All 4 points can work only if the other spouse is honest and upright and is ineterested in the relashionship, and not covering other motives with "misunderstandings" and simply using the situation for their convinience. There are indeed some people who think they are entitled to "organize your life", "make you understand"...
Many men try to compensate their low self-esteem or anxiety with despotic and abusive behaviour towards their wives. In this case no indirect communication will help, if the man doesn´t see his behaviour as not acceptable. Their lack of simple respect to their wife they´ll explain whith "her failure to build a career" or comparisons to "super-moms" who can manage it all and look like supermodels (never takinf look behind the shiny fassade). So - not all man want to make their wives happy, some (not very noble) simply want to raise theirshow off and are not concerned of the wellbeing of the woma. Reply

Marcia Naomi Berger San Rafael, California June 15, 2015

Excellent article, thank you!

I agree it is important to men to feel they are making their wives happy. If wives realize this they will feel more comfortable about saying kindly and specifically what they want, instead of complaining about what they are not getting. Telling him what makes you happy and thanking him when he does it contributes greatly toward a mutually fulfilling relationship. Reply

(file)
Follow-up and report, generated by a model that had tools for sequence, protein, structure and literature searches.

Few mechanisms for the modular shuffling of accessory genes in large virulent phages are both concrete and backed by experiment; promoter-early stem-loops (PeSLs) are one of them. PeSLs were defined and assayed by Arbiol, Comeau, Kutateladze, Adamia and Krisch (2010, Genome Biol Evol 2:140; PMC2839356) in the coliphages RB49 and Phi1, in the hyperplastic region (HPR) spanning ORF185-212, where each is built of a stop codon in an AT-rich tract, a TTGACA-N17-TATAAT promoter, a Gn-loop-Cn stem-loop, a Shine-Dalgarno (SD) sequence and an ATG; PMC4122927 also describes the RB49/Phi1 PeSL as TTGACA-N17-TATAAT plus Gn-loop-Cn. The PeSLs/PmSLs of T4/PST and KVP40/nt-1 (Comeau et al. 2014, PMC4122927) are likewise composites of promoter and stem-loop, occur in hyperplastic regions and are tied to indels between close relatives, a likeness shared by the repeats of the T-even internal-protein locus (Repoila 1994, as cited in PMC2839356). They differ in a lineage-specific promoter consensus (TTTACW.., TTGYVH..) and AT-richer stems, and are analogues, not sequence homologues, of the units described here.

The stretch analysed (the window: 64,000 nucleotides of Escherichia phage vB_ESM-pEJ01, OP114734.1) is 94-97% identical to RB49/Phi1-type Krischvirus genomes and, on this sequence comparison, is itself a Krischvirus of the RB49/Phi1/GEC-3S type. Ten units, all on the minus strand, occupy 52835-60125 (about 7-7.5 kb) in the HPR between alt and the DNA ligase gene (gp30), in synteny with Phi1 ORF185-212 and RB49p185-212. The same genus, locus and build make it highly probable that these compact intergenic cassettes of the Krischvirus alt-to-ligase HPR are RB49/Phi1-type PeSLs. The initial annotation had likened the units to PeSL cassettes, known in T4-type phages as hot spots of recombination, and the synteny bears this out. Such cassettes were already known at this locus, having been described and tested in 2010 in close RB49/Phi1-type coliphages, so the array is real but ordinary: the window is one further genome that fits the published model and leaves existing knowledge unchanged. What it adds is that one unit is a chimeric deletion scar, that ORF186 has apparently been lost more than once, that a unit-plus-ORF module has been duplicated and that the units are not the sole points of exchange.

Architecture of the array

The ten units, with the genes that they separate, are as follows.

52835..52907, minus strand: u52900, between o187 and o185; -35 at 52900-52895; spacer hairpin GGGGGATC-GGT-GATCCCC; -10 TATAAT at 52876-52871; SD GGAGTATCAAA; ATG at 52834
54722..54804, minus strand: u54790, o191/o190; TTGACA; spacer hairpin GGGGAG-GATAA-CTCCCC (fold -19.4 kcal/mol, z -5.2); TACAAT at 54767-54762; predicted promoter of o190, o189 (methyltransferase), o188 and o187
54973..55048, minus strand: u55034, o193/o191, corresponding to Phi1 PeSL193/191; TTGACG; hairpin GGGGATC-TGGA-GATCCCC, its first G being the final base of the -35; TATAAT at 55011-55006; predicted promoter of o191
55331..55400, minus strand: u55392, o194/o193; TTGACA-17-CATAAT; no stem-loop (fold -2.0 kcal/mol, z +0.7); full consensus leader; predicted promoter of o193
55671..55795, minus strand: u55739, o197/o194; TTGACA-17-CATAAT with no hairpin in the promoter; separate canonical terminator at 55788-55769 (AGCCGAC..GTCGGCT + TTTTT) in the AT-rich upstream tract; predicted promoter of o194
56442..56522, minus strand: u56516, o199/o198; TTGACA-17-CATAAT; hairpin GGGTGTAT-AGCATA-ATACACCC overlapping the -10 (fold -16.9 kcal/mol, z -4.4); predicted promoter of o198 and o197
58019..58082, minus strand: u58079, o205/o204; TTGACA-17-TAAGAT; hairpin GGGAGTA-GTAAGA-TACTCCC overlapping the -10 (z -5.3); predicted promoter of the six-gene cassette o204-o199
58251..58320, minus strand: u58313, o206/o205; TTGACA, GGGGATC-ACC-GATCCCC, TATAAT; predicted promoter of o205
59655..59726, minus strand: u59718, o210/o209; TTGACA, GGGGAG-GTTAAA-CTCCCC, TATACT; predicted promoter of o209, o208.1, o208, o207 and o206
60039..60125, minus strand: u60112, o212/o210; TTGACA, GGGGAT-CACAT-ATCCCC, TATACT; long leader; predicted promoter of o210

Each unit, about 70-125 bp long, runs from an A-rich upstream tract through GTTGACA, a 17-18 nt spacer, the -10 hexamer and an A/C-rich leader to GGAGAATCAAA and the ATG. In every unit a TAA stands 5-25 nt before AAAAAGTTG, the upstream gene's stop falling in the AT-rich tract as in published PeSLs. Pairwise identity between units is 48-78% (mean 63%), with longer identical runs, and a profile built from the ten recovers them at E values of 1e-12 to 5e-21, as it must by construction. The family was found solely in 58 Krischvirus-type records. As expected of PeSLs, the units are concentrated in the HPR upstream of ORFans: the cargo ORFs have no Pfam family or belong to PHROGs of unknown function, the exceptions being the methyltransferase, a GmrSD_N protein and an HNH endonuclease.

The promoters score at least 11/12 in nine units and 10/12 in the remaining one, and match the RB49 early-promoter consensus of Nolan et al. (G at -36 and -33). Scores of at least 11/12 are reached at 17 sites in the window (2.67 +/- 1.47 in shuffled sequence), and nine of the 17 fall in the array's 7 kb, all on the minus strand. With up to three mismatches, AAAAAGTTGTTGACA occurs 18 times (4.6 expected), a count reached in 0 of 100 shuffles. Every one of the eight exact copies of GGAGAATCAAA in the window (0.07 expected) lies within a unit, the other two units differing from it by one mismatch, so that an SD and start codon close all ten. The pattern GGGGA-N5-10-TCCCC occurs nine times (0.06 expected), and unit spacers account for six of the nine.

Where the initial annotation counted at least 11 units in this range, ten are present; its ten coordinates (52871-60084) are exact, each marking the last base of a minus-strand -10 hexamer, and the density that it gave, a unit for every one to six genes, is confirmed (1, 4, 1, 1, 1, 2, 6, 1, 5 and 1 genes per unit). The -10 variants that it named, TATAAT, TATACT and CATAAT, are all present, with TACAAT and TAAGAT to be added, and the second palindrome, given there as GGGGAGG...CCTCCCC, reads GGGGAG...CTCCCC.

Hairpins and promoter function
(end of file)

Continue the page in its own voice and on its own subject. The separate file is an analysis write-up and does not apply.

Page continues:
Anonymous May 20, 2014

Thank you for a succinct article on marriage. Reply

Roxana Guatemala May 13, 2014

Great Article, simple things that we ignore. Thank you! Reply

Terry Krause NJ May 13, 2014

The 4 Steps to a Successful Marriage Great article, Sarah Chana! I am compelled to mention that I wrote a book with my husband (available on Amazon) called "The 4 Steps to a Successful Marriage." Maybe there really are only 4 steps! Reply

Anonymous Teaneck, NJ June 6, 2017
in response to Terry Krause:

I have been on married for 37 years and endorse your article. My husband is a good man who has provided for our family, has helped around the house without my asking. I have been happy all these years because we respect each other's need for a little bit of privacy; alone time where we are able to follow our own interests or hobbies. By respecting the need for independence we have learned to appreciate and understand each other; we became friends. Friendship needs to be in the equation. What do you do when the kids are grown up
and you are now left alone with each other? Reply